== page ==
Sinclair Lecture 2017

Great Hall - Aston Webb Building
Arts and Law, Research
Thursday 27th July 2017 (17:00-18:00)
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From a plate of spaghetti to a cable-stayed bridge: increasing the impact of Corpus Linguistics in disciplinary education.

Susan Conrad is Professor of Applied Linguistics at Portland State University in Portland, Oregon, USA. She uses corpus linguistics to describe and teach English grammar and discourse so that people can investigate language for themselves and also understand how to make effective language choices in their own communication. She has collaborated on several books, including the Longman Grammar of Spoken and Written English,  Register, Genre, and Style, and Real Grammar: A Corpus-based Approach to English.

She began studying writing in civil engineering after hearing her husband’s regular complaints about junior engineers’ writing, and she now heads the Civil Engineering Writing Project. In the project, she works with engineering practitioners and faculty to improve students' preparation for writing in the workplace. She has also taught ESL and trained teachers in Asia, Africa, and many parts of the U.S.


In the 1980s, John Sinclair was instrumental in showing the profound impact corpus linguistics could have on our understanding of language. Now, ten years after his death, I want to urge corpus linguists to think again about having an impact – this time on fields that most people don't associate with language study, such as engineering.

Why does an engineer need corpus linguistics? How can corpus-based studies improve engineering education? What does it take to move from language descriptions to applications that encourage changes in what people do? What challenges face corpus linguists in working with professionals who don’t “speak linguistics”? These are the general questions I will address, using my work in the Civil Engineering Writing Project as a concrete example.

Begun in 2009, the Civil Engineering Writing Project is a corpus-based project that addresses a long-standing problem in engineering education: students' lack of preparation for writing in the workplace. Despite decades of discussion, there had been almost no empirical investigation of the problem in the United States. I immediately saw the role corpus linguistics could play in defining the problem, informing teaching materials, and assessing improvements. The project materials have now been piloted at four universities, with significant improvements in students’ writing.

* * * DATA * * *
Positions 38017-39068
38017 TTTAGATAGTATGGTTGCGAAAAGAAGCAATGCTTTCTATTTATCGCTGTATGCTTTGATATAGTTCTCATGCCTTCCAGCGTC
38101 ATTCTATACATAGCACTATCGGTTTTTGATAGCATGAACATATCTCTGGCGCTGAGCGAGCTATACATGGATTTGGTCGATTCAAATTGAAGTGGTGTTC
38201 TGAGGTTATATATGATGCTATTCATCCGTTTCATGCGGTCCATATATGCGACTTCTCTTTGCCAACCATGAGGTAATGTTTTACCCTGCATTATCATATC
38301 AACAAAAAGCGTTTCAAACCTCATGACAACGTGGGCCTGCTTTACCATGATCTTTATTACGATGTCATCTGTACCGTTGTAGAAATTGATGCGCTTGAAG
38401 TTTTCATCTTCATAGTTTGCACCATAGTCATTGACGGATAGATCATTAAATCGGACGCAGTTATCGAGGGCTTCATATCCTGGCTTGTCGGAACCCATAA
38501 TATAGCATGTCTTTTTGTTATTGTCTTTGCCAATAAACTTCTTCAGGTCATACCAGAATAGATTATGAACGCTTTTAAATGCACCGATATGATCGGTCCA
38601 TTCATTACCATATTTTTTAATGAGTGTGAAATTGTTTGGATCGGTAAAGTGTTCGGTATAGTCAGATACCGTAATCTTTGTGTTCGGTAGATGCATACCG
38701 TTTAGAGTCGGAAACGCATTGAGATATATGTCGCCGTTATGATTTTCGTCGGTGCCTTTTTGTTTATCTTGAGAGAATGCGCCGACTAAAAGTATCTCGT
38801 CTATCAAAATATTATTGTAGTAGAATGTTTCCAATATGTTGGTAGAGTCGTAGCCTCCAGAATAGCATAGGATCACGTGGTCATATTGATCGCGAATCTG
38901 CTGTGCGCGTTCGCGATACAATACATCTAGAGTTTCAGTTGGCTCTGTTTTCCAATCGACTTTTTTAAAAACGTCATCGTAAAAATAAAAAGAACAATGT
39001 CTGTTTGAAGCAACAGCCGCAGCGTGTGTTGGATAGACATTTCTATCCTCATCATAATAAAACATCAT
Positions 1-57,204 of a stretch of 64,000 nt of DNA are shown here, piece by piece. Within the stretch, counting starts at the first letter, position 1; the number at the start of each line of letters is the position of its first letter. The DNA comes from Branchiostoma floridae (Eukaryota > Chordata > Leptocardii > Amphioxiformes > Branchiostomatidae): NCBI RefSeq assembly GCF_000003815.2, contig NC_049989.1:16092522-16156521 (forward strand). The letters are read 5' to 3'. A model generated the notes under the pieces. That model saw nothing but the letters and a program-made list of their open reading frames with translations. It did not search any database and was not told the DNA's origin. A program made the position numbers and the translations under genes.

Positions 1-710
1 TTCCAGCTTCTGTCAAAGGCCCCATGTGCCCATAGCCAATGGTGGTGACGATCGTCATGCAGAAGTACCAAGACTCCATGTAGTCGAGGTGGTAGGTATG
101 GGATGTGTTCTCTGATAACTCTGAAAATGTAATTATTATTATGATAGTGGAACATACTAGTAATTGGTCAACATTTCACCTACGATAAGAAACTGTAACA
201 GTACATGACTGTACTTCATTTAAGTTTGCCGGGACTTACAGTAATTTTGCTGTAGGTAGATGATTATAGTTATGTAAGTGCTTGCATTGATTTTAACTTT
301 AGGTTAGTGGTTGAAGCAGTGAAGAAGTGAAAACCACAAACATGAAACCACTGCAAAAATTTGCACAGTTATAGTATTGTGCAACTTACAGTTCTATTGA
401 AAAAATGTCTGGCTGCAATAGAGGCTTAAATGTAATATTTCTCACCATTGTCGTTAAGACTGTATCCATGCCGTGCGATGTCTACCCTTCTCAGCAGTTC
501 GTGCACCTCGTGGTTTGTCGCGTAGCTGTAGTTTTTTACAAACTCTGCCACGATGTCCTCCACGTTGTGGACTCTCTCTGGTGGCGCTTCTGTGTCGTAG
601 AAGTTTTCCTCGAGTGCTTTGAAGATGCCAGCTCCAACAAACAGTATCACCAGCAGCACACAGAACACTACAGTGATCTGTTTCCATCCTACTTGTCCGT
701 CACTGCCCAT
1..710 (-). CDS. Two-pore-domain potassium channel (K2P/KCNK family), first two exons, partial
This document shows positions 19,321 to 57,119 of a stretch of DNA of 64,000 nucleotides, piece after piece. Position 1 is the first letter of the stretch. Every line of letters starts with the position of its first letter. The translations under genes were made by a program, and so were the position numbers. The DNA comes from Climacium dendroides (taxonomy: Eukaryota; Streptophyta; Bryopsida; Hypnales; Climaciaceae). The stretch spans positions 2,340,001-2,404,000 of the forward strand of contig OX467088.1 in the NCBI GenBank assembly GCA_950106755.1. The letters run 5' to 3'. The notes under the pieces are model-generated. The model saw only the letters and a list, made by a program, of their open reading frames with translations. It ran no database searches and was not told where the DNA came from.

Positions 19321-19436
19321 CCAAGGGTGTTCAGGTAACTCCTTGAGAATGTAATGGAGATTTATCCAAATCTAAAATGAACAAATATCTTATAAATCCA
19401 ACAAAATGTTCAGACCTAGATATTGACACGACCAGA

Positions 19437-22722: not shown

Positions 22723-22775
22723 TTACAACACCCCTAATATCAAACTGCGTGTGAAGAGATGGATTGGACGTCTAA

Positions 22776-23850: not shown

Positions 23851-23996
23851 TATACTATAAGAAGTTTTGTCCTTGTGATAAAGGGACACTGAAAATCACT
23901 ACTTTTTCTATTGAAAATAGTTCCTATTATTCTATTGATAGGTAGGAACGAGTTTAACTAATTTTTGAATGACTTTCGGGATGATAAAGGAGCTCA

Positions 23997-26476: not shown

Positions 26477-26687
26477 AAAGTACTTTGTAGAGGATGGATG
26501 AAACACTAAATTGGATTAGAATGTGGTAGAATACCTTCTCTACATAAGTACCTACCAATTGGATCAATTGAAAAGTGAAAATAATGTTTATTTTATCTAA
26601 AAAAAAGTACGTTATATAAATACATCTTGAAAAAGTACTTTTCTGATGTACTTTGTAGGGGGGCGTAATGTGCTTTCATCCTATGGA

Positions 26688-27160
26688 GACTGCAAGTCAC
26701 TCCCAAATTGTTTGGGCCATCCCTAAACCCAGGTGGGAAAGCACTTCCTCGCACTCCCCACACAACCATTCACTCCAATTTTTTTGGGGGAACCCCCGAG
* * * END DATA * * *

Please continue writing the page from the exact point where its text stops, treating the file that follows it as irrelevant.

My talk will include examples of the corpus-based analyses of words and grammar that helped us understand the gaps between student and practitioner writing. The analyses have, for example, clarified the highly controversial areas of passive voice and first person pronoun use, and highlighted the importance of clausal simplicity and certain word choice issues. They demonstrate that language choices are fundamental to effective engineering. However, the linguistic analyses have also become intertwined with techniques that are less typical in corpus studies. We maintain ongoing collaborations with professionals in the community, to mine their context expertise and get their help interpreting the linguistic findings. We interview students to gain insight into reasons behind their language patterns – insights that no amount of corpus analysis can reveal. We have made additions to the research methodology to include judgments of writing effectiveness, a transition from description to evaluation that is necessary for an applied project. And we are constantly seeking new ways of turning corpus analyses into information and practice that engineers value. Although the additional techniques increase the complexity of the project, I argue in this talk that expanding corpus research in these ways can make it more useful in more disciplines.

I will reflect on the successes and the continuing challenges of the project. How exactly the plate of spaghetti and the cable-stayed bridge figure in – well, that will become clear in the talk.

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